710.01 Derivatives: Financial Markets, Law and Policy
Modern capital and financial markets rely on a wide variety of complex instruments, including Treasury securities, structured debt and equity instruments, and derivatives of various kinds. Public awareness regarding these instruments has grown since the Financial Crisis of 2008 because they are thought to have played an important role in both the rapid growth of financial markets (“financialization”) and their destabilization. Yet these instruments and the role they play in modern markets remain little understood. A basic understanding of these instruments has now become important in modern financial law practice and any discussions on financial policy and regulation.
This course will review the workings of derivative instruments in the capital markets and how such instruments themselves are used. The relationship between banking and capital markets, and between government and the private markets, will be explored, as will the most important legal and fiduciary responsibilities involved. While not highly technical, the various principal types of government securities and derivatives will be examined.
Warren Buffet once called derivatives “weapons of mass financial destruction.” We will consider the numerous public policy issues relating to derivatives, their role in the Crisis of 2008 (and more recent financial distress such as the Eurozone crisis and the US debt ceiling controversy), the history of attempts to regulate these instruments, and the current regulatory structure.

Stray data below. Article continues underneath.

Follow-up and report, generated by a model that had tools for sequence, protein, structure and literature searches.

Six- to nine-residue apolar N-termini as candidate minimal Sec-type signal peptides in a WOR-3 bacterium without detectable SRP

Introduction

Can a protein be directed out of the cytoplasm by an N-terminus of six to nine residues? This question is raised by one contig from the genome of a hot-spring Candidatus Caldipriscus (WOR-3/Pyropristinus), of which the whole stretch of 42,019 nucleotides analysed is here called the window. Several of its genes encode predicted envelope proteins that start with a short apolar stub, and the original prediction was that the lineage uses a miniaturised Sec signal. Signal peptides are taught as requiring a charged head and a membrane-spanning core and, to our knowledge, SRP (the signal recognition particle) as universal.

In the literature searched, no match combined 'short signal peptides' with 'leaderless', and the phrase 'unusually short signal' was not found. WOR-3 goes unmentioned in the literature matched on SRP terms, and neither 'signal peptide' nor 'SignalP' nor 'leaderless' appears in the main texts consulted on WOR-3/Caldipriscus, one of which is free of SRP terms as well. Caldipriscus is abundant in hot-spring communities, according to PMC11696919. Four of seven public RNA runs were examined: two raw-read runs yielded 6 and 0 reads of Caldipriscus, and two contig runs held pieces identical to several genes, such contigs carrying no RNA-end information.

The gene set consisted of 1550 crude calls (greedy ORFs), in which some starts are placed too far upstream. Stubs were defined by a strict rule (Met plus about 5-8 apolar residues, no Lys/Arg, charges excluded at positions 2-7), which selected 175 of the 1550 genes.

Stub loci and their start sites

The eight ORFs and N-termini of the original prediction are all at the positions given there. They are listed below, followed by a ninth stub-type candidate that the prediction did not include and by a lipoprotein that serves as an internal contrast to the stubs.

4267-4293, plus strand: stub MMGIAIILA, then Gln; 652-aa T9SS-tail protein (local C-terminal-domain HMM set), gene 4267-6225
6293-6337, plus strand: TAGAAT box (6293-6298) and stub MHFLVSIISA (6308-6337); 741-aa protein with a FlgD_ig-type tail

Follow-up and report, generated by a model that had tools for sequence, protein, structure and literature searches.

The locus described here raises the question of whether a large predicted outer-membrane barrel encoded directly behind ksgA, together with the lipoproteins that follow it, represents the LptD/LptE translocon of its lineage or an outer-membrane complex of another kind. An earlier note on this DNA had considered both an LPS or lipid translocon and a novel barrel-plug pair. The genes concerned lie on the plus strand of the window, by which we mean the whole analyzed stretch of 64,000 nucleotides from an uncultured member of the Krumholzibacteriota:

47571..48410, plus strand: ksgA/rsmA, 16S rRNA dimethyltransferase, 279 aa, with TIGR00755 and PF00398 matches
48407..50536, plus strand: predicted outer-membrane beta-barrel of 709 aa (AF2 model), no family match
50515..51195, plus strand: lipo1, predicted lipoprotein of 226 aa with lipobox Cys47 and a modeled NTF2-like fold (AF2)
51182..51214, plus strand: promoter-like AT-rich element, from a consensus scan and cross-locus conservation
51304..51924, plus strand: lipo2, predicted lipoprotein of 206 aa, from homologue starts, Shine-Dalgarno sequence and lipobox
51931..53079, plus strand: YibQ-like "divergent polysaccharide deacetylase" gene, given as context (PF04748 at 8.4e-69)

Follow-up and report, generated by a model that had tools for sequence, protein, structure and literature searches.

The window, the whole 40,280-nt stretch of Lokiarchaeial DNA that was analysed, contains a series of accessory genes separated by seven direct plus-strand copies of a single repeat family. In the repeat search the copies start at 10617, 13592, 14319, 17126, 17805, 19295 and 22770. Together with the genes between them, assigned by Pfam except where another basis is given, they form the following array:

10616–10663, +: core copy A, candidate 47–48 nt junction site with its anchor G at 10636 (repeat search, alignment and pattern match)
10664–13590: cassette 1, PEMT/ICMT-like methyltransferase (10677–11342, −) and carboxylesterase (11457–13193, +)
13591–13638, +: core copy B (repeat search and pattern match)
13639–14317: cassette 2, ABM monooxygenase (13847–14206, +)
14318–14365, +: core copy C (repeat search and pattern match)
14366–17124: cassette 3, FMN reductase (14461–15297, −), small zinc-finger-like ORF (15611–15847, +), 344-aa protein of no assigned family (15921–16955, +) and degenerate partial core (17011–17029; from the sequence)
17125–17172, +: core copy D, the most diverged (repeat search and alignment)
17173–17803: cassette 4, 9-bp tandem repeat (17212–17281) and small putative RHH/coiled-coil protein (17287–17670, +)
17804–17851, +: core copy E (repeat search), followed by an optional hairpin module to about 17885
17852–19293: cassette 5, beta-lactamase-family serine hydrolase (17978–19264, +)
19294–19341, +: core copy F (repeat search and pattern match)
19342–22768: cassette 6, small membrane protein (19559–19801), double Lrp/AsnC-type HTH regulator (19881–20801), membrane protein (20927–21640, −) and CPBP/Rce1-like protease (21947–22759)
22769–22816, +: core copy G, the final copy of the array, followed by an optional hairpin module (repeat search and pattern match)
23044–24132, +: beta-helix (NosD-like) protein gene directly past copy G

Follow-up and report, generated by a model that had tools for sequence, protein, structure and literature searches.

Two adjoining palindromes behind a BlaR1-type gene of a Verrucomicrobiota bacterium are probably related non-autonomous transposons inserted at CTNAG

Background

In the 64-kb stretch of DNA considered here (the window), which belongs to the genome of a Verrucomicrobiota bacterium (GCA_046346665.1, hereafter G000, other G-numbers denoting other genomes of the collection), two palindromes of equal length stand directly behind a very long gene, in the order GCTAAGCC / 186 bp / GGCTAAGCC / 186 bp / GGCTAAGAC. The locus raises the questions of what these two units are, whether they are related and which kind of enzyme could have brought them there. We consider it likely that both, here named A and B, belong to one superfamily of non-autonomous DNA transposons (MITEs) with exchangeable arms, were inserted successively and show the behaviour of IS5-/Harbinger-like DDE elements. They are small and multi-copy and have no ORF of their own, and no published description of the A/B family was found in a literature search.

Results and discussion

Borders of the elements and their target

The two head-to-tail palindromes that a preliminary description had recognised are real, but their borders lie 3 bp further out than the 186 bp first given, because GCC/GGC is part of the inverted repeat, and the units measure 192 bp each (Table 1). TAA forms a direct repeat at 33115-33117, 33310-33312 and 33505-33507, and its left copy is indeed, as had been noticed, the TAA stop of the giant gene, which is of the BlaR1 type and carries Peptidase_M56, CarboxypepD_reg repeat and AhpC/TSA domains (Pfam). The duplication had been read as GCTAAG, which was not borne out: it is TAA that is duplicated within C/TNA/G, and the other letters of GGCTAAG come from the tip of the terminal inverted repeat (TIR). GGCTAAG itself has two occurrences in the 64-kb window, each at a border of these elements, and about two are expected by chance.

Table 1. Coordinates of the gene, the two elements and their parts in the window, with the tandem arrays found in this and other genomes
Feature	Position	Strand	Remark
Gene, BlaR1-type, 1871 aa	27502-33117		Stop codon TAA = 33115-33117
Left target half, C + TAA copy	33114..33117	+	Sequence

The 3-credit graded requirements for the course will be:
- A thirty-page paper, to be submitted by Friday, April 14 2017 (80%); the opportunity for JD writing credit will be given to the first five students who present research proposals, approved by me, commit to completing their drafts by Friday March 10 for grading and comments by me, and submit their final drafts in response to comments by the last day of class for the semester (when all papers will be due).
- An individual class presentation, of 20 minutes in length (10%), on the early draft of the 3-credit paper; and
- Overall class participation (10%).The course will be highly interactive and graded on this basis.
The course will be highly interactive and graded on this basis.
|Course Number||Course Credits||Evaluation Method||Instructor|
Research paper, 25+ pages
|Lawrence G. Baxter|
|Sakai site: https://sakai.duke.edu/portal/site/LAW.710.01.Sp17|
|Email list: LAW.710.01.Sp17@sakai.duke.edu|
Course Requirements - JD
Course Requirements - LLM
|Course Areas of Practice||
Course Areas of Practice